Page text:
Portrait of the Artist as a Pair of Feet

We should start with the feet. Not because there is anything special or distinctive about them, but simply because they are what grounds him to the earth. Literally. They are the wheels, the tracks on which he runs – both metaphorically and semi-literally. In real terms they are feet that have not been without their problems. An ingrowing toe nail, for example – the result of too much furtive picking when he was a child – for many years caused occasional pain but little impediment. It was something he had always meant to get sorted, and of course was forced to a while ago when he found himself often on the beach; a time when he realised having feet that were good to look at  was worth something. Not that you would be able to deduce all that by looking at him now, as he sits there, absorbed by the newspaper he is reading, his feet – his real, warm, vaguely manicured feet – camouflaged by bright yellow socks and brown lace-up brogues.

Had they been professionally manicured, examined by someone who knew what they were looking at – other than the simple fact they were feet, one of each inclination – then those involved may have been able to highlight other anomalies, idiosyncrasies from which further deduction could be made. Those shoes – the leather highly polished, disguised to appear of better quality than they really are – hide hammer toes; specifically his big toes. The main knuckle joint is frozen, unbending. Has been for years. That hasn’t stopped him from running or playing football or badminton. They may have stopped him from playing them better, of course, but that is something he has not considered. Our professional chiropodist might seek to suggest reasons as to why his big toes have developed in this imperfect way, eventually landing on a theory of persistently ill-fitting shoes when he was a child. If it sounds plausible enough (and it is, in his case) then we might accept it and move on, bowing to their superior knowledge of the subject – and to our wanting to avoid any situation that might lead them to put something to the test. You suddenly have an image of someone breaking toes while trying to bend them, and feel sick as a result. Better to just take their word for it.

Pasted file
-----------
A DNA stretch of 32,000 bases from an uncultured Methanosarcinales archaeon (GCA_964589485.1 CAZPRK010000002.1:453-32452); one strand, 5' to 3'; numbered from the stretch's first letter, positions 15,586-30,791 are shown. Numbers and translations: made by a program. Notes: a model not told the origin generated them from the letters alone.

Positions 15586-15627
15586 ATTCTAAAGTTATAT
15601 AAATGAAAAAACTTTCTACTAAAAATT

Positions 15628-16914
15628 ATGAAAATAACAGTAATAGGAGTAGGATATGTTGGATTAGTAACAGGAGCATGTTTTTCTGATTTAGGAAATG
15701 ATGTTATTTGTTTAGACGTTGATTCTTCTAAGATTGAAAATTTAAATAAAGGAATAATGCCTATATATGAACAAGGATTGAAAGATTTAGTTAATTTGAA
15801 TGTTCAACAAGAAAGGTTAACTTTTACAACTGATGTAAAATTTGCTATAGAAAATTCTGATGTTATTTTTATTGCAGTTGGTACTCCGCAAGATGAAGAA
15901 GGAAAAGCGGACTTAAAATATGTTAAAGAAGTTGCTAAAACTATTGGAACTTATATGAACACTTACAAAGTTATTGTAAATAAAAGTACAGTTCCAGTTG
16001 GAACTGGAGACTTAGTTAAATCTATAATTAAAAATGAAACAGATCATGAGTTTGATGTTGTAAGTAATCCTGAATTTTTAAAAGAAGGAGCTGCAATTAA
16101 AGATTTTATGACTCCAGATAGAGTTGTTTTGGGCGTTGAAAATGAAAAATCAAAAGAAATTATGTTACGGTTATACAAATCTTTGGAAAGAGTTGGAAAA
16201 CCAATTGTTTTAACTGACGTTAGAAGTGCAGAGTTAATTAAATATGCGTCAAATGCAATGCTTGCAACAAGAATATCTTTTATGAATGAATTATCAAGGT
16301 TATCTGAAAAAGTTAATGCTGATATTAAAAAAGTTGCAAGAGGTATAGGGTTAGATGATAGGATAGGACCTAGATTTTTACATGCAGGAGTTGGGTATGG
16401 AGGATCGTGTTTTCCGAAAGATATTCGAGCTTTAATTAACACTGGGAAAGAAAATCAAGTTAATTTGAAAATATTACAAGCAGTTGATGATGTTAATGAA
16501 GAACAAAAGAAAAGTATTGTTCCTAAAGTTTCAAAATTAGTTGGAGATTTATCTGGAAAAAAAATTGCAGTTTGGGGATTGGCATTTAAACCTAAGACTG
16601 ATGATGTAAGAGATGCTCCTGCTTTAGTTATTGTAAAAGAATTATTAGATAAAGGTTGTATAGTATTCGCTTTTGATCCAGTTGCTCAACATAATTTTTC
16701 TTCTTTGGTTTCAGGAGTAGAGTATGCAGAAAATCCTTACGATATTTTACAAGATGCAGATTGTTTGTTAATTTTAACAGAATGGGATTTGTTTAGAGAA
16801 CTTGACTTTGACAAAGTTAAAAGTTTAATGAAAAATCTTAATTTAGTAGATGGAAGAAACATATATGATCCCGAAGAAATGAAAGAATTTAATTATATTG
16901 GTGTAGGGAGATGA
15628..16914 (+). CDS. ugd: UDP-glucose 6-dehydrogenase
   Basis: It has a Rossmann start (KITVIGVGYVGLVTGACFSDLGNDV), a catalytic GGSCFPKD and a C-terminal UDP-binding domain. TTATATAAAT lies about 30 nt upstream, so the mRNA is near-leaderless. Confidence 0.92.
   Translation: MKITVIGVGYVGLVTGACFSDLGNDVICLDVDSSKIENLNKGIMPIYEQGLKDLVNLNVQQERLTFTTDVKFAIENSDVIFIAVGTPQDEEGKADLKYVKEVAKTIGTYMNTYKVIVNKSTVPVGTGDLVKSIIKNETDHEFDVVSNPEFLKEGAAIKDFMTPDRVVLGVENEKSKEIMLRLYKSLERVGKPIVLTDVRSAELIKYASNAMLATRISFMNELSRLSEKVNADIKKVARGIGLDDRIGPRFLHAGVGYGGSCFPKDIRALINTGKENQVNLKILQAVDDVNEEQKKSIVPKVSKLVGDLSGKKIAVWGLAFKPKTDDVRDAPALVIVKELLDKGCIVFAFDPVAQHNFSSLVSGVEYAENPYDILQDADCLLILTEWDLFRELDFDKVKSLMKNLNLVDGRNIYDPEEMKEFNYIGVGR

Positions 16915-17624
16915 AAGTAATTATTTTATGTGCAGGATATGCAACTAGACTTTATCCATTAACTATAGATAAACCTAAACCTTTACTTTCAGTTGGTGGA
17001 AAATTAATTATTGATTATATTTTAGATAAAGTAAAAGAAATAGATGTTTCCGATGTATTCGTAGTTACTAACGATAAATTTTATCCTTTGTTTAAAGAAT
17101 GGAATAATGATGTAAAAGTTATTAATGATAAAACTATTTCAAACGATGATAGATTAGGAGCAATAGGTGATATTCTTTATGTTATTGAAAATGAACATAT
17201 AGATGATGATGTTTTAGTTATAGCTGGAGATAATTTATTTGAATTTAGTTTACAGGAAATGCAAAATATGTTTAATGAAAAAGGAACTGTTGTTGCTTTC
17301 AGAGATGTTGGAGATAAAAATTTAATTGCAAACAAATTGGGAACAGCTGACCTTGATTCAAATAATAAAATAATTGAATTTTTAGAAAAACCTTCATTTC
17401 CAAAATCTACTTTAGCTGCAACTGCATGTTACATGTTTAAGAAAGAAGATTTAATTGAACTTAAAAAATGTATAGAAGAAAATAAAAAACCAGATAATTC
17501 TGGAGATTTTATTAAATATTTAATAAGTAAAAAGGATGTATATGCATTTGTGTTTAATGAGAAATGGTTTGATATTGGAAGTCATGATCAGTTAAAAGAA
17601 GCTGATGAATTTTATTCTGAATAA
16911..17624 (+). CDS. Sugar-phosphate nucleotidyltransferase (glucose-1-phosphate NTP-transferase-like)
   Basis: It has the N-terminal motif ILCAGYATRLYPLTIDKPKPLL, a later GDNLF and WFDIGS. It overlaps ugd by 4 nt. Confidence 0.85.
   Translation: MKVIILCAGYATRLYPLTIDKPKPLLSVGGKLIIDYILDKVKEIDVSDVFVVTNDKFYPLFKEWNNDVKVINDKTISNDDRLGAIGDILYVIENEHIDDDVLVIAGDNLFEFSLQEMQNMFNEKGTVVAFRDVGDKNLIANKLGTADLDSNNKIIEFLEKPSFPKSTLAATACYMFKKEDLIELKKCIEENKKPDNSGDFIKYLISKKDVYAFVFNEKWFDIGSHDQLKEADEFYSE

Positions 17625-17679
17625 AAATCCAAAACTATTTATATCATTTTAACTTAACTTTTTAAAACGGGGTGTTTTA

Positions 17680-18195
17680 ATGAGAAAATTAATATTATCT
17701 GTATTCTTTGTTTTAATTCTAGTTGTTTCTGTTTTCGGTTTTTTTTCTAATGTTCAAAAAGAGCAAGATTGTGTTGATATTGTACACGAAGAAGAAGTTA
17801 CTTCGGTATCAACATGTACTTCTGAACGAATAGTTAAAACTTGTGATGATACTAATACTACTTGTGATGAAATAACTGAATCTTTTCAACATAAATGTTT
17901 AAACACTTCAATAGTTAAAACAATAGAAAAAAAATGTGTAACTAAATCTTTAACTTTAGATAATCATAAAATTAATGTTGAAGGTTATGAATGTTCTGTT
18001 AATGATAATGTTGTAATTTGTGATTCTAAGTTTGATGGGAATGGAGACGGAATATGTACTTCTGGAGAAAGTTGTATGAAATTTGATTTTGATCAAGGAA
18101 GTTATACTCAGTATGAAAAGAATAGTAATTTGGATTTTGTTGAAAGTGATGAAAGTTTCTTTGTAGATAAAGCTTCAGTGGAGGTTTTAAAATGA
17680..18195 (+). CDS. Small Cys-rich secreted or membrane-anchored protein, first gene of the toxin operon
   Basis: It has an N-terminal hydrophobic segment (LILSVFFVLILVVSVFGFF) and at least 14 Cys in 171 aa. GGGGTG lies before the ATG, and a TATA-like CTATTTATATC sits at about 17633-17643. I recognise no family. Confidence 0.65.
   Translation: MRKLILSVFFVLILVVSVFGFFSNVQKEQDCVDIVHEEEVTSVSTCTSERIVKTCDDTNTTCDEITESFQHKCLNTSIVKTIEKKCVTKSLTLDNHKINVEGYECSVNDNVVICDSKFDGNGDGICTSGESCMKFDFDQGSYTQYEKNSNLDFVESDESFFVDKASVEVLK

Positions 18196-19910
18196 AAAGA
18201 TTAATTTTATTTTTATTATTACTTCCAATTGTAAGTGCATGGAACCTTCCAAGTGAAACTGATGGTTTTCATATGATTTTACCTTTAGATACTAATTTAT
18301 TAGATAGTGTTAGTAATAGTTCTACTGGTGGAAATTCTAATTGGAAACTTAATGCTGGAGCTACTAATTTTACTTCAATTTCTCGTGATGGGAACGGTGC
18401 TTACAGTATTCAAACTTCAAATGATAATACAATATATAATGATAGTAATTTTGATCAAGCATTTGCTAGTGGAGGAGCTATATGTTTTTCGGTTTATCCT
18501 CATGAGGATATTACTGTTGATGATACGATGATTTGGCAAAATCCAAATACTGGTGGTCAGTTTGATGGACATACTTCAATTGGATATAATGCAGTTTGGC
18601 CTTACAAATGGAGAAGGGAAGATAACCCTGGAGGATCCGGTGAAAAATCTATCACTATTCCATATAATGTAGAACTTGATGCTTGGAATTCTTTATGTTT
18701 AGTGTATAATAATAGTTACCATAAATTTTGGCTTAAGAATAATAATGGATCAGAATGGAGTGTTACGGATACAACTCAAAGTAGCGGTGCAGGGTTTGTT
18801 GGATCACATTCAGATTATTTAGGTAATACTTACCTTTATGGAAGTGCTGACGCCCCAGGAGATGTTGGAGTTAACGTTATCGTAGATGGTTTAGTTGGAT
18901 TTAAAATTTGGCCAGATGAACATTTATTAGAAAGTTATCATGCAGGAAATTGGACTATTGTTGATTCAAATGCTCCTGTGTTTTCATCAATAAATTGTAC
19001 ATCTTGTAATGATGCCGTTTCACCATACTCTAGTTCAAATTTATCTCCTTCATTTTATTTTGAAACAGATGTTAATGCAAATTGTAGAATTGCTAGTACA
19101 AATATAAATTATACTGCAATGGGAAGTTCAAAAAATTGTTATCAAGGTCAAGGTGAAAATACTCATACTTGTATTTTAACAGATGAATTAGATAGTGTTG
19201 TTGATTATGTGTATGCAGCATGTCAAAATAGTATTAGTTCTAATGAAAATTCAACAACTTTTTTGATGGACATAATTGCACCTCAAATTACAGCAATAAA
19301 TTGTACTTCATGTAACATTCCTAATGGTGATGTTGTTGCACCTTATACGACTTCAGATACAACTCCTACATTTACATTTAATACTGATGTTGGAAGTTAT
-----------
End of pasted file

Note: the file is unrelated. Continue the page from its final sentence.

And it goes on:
But then someone – and it may as well be me – asks you “Where do you want to start?”. And you are clearly confused, a signal given by the frown that appears on your face and the echoing of the last word I said. “Yes,” I say, trying not to sound a little disappointed in you. “Start. The ingrowing toe-nail? The being on a beach? The yellow socks, perhaps? Or what about the leather shoes? What might they tell you? Or maybe his sporting history? Or his childhood? What dire circumstances might have resulted in him wearing shoes that were too small for him for too many years? Start with his feet, by all means, but be prepared to go where they take you. As it were. Did you see what I did there? I put that last sentence in verbal parentheses, just to demonstrate how bloody clever I can be when I put my mind to it! So, what’s it to be?”

And now I wait for your answer.

So choose.